Show ContentsFurner History, Family Crest & Coats of Arms

Early Origins of the Furner family

The surname Furner was first found in Edinburghshire, a former county, now part of the Midlothian council area where they held a family seat from very ancient times.

Early History of the Furner family

This web page shows only a small excerpt of our Furner research. Another 85 words (6 lines of text) covering the years 1428, 1478, 1529 and 1550 are included under the topic Early Furner History in all our PDF Extended History products and printed products wherever possible.

Furner Spelling Variations

Although the name, Furner, appeared in many references, from time to time, the surname was shown with the spellings Verner, Vernour, Vernor and others.

Early Notables of the Furner family (pre 1700)

More information is included under the topic Early Furner Notables in all our PDF Extended History products and printed products wherever possible.

Ireland Migration of the Furner family to Ireland

Some of the Furner family moved to Ireland, but this topic is not covered in this excerpt. More information about their life in Ireland is included in all our PDF Extended History products and printed products wherever possible.

Migration of the Furner family

Gradually becoming disenchanted with life in Ireland many of these uprooted families sailed aboard the armada of sailing ships known as the "White Sails" which plied the stormy Atlantic. These overcrowded ships often arrived with only 60 to 70% of their original passenger list, many dying of cholera, typhoid, dysentery or small pox. In North America, some of the first immigrants who could be considered kinsmen of the Furner family name Furner, or who bore a variation of the surname were Peter and Phillip Verner who settled in Philadelphia, Pennsylvania in 1747; Charles Verner settled in Philadelphia in 1847.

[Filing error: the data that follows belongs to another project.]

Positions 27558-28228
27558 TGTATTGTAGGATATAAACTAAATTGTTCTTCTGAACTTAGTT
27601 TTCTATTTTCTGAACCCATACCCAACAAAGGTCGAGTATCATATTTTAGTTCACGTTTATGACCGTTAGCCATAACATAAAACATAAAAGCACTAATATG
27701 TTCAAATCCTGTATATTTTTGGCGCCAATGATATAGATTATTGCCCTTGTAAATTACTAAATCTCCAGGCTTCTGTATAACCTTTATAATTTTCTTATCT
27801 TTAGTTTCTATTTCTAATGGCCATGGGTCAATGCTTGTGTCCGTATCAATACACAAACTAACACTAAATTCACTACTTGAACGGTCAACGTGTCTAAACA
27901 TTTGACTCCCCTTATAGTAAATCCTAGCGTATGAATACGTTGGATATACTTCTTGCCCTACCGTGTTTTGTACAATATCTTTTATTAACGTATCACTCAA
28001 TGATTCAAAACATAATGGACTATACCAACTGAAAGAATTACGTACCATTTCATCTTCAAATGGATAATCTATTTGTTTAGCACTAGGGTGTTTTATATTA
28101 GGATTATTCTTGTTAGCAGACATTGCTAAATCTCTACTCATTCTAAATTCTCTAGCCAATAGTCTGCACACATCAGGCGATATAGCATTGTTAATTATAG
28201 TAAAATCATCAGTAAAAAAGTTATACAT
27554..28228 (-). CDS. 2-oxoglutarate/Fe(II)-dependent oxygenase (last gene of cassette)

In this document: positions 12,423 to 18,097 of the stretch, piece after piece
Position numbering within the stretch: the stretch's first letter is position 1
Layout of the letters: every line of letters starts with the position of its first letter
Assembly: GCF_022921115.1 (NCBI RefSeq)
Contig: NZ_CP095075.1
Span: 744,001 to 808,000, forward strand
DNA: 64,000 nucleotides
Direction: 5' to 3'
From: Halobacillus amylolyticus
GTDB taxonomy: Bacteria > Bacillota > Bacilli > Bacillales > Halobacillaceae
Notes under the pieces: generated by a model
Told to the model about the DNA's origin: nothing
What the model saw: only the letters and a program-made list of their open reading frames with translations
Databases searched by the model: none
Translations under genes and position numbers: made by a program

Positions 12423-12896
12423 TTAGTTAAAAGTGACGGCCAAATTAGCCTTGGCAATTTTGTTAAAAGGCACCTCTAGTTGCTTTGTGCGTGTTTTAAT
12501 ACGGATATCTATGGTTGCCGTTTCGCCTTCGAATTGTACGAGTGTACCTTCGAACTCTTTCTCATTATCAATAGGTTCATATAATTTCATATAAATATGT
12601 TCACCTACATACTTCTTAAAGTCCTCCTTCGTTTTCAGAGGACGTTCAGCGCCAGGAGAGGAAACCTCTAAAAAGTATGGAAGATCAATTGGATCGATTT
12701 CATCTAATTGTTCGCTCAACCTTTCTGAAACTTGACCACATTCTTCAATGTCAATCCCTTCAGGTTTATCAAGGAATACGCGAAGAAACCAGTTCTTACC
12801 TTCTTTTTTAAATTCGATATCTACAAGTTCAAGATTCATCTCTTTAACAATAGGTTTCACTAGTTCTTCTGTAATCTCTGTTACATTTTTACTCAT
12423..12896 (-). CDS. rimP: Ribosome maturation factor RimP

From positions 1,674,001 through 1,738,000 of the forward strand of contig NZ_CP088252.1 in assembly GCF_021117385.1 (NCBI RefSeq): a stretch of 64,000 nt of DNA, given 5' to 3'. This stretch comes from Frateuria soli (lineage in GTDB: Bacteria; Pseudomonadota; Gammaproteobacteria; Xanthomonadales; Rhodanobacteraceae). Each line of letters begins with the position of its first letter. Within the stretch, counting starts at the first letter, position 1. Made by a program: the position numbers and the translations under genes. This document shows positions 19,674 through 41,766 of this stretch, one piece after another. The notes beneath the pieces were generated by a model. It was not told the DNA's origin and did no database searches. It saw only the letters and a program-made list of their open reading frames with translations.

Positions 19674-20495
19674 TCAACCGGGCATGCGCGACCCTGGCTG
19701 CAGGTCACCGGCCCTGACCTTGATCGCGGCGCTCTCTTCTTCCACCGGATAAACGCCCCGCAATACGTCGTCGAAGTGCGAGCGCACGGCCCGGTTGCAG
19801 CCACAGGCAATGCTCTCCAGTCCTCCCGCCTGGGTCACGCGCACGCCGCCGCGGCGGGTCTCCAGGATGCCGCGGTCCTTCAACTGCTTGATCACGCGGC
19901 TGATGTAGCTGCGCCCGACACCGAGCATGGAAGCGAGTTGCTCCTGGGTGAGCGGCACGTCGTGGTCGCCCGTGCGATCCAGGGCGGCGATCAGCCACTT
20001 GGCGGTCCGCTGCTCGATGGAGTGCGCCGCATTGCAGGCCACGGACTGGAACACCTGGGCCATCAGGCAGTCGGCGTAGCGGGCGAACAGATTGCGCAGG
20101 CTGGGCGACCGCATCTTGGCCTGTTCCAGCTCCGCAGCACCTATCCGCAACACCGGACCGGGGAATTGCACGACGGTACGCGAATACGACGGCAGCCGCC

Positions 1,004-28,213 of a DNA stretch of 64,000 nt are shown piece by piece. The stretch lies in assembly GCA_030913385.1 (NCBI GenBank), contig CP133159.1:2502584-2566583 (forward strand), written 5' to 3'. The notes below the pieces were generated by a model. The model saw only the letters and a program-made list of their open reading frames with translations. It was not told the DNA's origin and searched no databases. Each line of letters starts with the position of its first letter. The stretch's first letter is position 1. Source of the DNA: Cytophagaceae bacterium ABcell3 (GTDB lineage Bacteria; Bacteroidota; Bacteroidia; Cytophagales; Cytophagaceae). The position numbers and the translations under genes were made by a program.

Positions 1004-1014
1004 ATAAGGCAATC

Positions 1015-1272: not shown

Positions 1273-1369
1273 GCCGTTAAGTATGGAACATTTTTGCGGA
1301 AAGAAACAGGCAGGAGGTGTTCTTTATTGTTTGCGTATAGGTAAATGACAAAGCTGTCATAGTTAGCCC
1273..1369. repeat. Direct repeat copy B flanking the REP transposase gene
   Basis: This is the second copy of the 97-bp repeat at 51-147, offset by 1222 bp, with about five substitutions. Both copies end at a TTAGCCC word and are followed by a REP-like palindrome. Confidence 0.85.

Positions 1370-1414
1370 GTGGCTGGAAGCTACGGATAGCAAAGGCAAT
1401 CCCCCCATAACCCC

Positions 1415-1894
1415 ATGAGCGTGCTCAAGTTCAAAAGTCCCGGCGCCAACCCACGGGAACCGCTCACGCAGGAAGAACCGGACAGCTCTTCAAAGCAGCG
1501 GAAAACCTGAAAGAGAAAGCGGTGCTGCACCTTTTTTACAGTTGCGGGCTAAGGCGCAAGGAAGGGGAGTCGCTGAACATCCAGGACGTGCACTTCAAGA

Contemporary Notables of the name Furner (post 1700) +

  • Brigadier George Furner Langley (1891-1971), Australian Commissioner ARC Field Force United Kingdom & Middle East from 1944 to 1946 [1]

The Furner Motto +

The motto was originally a war cry or slogan. Mottoes first began to be shown with arms in the 14th and 15th centuries, but were not in general use until the 17th century. Thus the oldest coats of arms generally do not include a motto. Mottoes seldom form part of the grant of arms: Under most heraldic authorities, a motto is an optional component of the coat of arms, and can be added to or changed at will; many families have chosen not to display a motto.

Motto: Pro Christo et patria
Motto Translation: For Christ and Country.

  1. Generals of World War II. (Retrieved 2011, August 30) George Langley. Retrieved from on Facebook